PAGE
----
HCA: There was nothing to suggest that the trustee considered the plaintiff’s proposition that the work at Foxtel and Qantas was failed rehabilitation. The CA should not have reject “these uncontradicted assertions”. The only evidence was the mere fact of his employment with Foxtel and Qantas and a statement the plaintiff allegedly made to the CEO of the fund  that the Qantas employment was “a real job”.

Held: HCA supported Byrne J who doesn’t suggest the trustee acted in bad faith but rather held the trustee had failed to give the matter genuine consideration having failed to pursue sufficient enquiries, and that there had been a want of good faith.

The trustee’s submissions to the HCA were that Byrne J misunderstood the Karger v Paul test concerning “good faith and genuine consideration” as correctly the trustees are not required to make reasonable and relevant enquires and it is the duty of claimants to prove their case. The HCA rejected this, accepted Byrne J’s view that the Trustee had failed in its duty to make enquiries in the following ways:

  • Employment with Telstra

The Trustee should have made further enquiry concerning Mr Finch’s claim that the working  environment was hostile. His previously secure and relatively prestigious position had been downgraded and  had become insecure and this had lead him to terminate his employment with Telstra by accepting voluntary redundancy. No objective proof was sought about the last month of   the plaintiff’s employment: the trustee just accepted statements of the Telstra managers.

  • Failed Return to Work – Foxtel and Qantas

Plaintiff provided substantial evidence that these periods of work were a rehabilitative effort to return       to work, pointing out his absence from Foxtel for 2 weeks of the month in that position and that his   position with Qantas was only part-time c.f. full-time position with Telstra. Byrne J concluded that the   trustees had put that material aside, in preference for a conclusion that this employment,  although it had failed in each case, showed Mr Finch was likely to engage in employment in the  future and he could therefore not satisfy the definition of TPI. The trustee should have properly    taken that information into account and if they had they would not have formed that conclusion.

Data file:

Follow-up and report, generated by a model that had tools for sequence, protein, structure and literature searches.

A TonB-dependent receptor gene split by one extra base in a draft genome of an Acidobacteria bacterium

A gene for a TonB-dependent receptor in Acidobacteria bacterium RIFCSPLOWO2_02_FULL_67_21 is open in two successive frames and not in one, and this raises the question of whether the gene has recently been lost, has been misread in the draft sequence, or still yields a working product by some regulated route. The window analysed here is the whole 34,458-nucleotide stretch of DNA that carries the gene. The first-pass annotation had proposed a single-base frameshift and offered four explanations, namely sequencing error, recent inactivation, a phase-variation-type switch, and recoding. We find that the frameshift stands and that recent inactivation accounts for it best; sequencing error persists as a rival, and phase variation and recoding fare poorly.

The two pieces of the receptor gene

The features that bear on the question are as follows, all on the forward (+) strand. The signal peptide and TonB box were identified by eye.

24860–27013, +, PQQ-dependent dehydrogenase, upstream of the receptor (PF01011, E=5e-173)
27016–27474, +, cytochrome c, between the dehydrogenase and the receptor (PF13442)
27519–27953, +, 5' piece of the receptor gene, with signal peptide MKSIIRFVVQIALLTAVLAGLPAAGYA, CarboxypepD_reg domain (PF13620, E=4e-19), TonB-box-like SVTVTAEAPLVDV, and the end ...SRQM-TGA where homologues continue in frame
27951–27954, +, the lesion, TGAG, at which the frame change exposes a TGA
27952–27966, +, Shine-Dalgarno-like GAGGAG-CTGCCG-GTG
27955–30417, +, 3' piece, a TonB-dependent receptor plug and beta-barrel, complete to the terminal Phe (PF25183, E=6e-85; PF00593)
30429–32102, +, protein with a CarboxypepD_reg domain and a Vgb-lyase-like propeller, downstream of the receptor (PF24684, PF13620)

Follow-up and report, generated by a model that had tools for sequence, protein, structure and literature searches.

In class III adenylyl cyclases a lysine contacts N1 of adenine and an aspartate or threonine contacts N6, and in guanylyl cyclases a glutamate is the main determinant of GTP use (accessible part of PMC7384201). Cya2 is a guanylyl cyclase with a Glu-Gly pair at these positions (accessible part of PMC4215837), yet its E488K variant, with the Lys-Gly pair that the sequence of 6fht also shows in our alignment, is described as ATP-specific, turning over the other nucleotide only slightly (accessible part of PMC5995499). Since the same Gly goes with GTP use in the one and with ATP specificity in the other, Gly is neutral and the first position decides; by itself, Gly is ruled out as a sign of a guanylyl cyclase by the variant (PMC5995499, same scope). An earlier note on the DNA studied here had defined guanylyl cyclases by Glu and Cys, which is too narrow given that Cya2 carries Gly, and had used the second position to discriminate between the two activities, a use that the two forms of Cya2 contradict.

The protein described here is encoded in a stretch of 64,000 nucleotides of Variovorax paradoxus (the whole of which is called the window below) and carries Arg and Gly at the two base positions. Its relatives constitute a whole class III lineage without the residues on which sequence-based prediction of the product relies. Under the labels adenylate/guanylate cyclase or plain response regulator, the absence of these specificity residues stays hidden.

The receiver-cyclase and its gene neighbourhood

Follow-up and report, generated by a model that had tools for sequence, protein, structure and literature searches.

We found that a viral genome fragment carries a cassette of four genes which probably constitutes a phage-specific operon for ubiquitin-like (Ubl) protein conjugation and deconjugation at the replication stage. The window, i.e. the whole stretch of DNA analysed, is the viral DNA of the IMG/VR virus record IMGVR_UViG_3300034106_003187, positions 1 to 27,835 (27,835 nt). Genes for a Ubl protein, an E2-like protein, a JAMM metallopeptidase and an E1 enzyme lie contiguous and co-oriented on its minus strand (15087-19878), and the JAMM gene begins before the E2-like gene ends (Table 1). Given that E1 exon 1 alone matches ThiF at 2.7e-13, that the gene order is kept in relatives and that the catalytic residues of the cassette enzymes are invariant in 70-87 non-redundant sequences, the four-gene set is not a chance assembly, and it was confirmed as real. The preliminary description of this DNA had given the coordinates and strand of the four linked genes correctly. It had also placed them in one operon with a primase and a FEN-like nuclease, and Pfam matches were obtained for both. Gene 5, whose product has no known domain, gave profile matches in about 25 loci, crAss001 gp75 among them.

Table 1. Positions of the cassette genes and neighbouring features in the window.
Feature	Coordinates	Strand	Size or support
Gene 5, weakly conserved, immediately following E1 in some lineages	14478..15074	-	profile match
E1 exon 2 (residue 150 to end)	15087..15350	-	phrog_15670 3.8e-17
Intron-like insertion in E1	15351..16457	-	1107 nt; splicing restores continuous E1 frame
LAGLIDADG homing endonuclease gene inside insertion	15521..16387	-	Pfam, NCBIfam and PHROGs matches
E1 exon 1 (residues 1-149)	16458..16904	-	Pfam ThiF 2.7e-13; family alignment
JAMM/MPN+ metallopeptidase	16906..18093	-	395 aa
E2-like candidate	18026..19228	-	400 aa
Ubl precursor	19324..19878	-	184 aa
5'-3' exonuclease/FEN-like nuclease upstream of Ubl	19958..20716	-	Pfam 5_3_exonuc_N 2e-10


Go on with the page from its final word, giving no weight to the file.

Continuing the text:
• The statement made by Mr Finch to the CEO of the Trustee that his  employment with Qantas was “a real job”.

A lot of weight was put on this statement and was significant at the time as the relevant issue then was whether the Qantas job was rehabilitation or a ‘real job’. Rejection of the claim appeared to be substantively based on that information but it was not provided to his legal representation or himself. Accordingly, Mr Finch had no opportunity to deny making the statement or clarify its intended meaning and the CEO acted as a witness by passing on this information and then proceeded to participate in the actual evaluation and interpretation of his own evidence. Mr Finch should have been given the opportunity to respond.


The HCA remitted the matter to the trustee for a final determination as there was no bad faith but merely a failure to observe due process by giving genuine consideration to the matter.

Application of Finch

  1. Consideration of a TPI benefit does not constitute the exercise of a trustee’s discretion but instead forms part of the trustee’s overall duty to the members of the fund. A failure to conduct sufficient inquiries will be breach of the trustee’s duties to members. Trustees cannot just rely on a discretion but must make genuine enquiries to avoid breaching this duty.
  2. Karger v Paul would normally only provide narrow grounds for review of discretionary decisions (the level of enquiry required is limited) and the real and genuine consideration test is more stringent and intense for superannuation trustee decisions  – this give broader basis to dispute rejected claims in court.
  3. The approach that it is the responsibility of the member to establish the case and undertake little enquiry themselves is flawed – trustees have a duty to conduct a reasonable level of investigation and analysis to obtain objective proof of their conclusions, particularly where they are adverse to the member. If the information leaves unresolved issues, a superannuation trustee must seek and consider further information and not doing so is grounds for dispute.

Recently applied in:

Erzurumlu v Kellogg Superannuation Pty Limited [2013] NSWSC 1115

“The Trustee has a duty to apply the trust assets in accordance with the Trust Deed. In performing that duty, it is required to inform itself properly of the relevant facts: Finch v Telstra Super Pty Ltd “.